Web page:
Tuesday, September 25, 2012

City: Arezzo removal final; Andriani loses federal case

City of Hoboken announces:


The New Jersey Civil Service Commission issued a Final Administrative Action upholding the City of Hoboken’s decision to terminate Alfred Arezzo as Construction Code Official.

“We are continuing with our search for a permanent construction code official and invite applications from all qualified individuals,” said Mayor Dawn Zimmer. “While the process can be lengthy and costly, the City will continue to vigorously defend itself to protect the interests of our community.”

Arezzo, who had served as City Construction Official, had been suspended following his refusal to attend mandatory sexual harassment training, interference with his subordinates’ attendance at the training and insubordinate behavior towards the City’s Business Administrator. Arezzo was terminated shortly after his suspension following his retaliatory destruction of City owned property, including the destruction of a laptop hard drive which contained information regarding public matters. Charged with insubordination, conduct unbecoming a public employee, misuse of public property and other sufficient cause, Arezzo’s termination was a result of the City’s continued efforts to ensure that all employees act in accordance with the high standards and expectations of both the City’s administration and its residents. 

In upholding Arezzo’s termination, the Civil Service Commission noted his highly insubordinate behavior towards the City’s Business Administrator as well as the seriousness of destroying City-owned property.  Echoing the City’s own concerns, the Commission concluded that “such an egregious act by a long term employee in a position of public trust cannot be tolerated and is worthy of removal.”

In addition, the Honorable William J. Martini, United States District Court Judge for the District of New Jersey, yesterday dismissed the federal case filed by former Police Lieutenant Angelo Andriani against the City of Hoboken, the Hoboken Police Department, Mayor Dawn Zimmer, Police Chief Anthony Falco, and Police Captain Edimiro Garcia. The Judge dismissed all claims of discrimination and retaliation asserted by Andriani.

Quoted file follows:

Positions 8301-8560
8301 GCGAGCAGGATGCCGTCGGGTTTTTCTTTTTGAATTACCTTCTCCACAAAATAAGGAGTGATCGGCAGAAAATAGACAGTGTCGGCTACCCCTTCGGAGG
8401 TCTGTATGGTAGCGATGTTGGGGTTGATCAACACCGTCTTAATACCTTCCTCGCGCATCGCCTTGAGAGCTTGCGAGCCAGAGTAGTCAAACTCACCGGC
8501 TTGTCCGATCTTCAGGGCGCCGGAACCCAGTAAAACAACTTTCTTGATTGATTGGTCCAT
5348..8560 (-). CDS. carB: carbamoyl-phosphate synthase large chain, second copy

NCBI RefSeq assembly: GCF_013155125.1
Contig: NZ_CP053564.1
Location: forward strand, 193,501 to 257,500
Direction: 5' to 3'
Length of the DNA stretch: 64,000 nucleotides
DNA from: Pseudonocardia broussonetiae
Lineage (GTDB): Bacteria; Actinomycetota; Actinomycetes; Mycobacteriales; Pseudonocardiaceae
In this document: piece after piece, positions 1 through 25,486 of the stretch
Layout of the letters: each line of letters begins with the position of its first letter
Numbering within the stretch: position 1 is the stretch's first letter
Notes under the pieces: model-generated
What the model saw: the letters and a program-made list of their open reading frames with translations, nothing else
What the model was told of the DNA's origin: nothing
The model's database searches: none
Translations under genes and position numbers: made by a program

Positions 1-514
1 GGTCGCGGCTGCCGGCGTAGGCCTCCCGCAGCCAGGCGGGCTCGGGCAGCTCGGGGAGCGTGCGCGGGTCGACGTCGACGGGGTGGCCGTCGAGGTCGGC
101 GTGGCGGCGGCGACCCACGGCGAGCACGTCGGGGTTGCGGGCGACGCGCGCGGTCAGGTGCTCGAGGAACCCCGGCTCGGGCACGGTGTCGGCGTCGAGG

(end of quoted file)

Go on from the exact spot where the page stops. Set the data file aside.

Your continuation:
The court order is available on the City website: www.hobokennj.org/docs/corpcounsel/Andriani-v-Hoboken-Order.pdf

Mr. Arezzo and Mr. Andriani are each involved in additional ongoing litigation with the City.

Kids First Kickoff introduces its BoE candidate slate

Sunday the Kids First launched their bid for the November Boe election at the Turtle Club.


As excerpted from Hoboken Now story: http://www.nj.com/hobokennow/index.ssf/2012/09/post_104.html

Three candidates running on the Kids First 2012 slate launched their campaign yesterday afternoon for the Hoboken school board elections in November. The lineup of three candidates, Ruth McAllister (incumbent), Jean Marie Mitchell (a board member in 2010-11) and Tom Kluepfel attended the crowded fundraiser at the Turtle Club on Park Avenue yesterday. "This election is about maintaining and improving on the gains that the Kids First campaign achieved in 2009 and supporting the amazing work of Superintendent. Dr. Mark Toback," Kids First campaign manager Deidre Wall said yesterday.

Talking Ed Note: This is the first Hoboken Board of Education election in November since the elections were moved from April to November as in the vast majority of New Jersey BoEs when legislation allowed communities to consider the move.

The Kids First coalition has held the line on spending routing money to school programs and the classroom while holding the line on the tax levy for three consecutive years.  It's been benchmarked at the mandated state minimum for most of that time.

Ruth McAllister says, "The money is going where it belongs... to help our kids learn."

When Kids First took over the BoE majority there were dozens of audit violations.  A tape for local broadcast detailing those violations disappeared from the recording.  The technician shooting the video will be familiar to the public.  It was Patrick Ricciardi, the former City IT Manager who was arrested last November by the FBI for the massive looting of communications in the mayor's office.

He denied any knowledge how the select portion of the violations went missing.

After the video disappeared, the superintendent promptly fired him.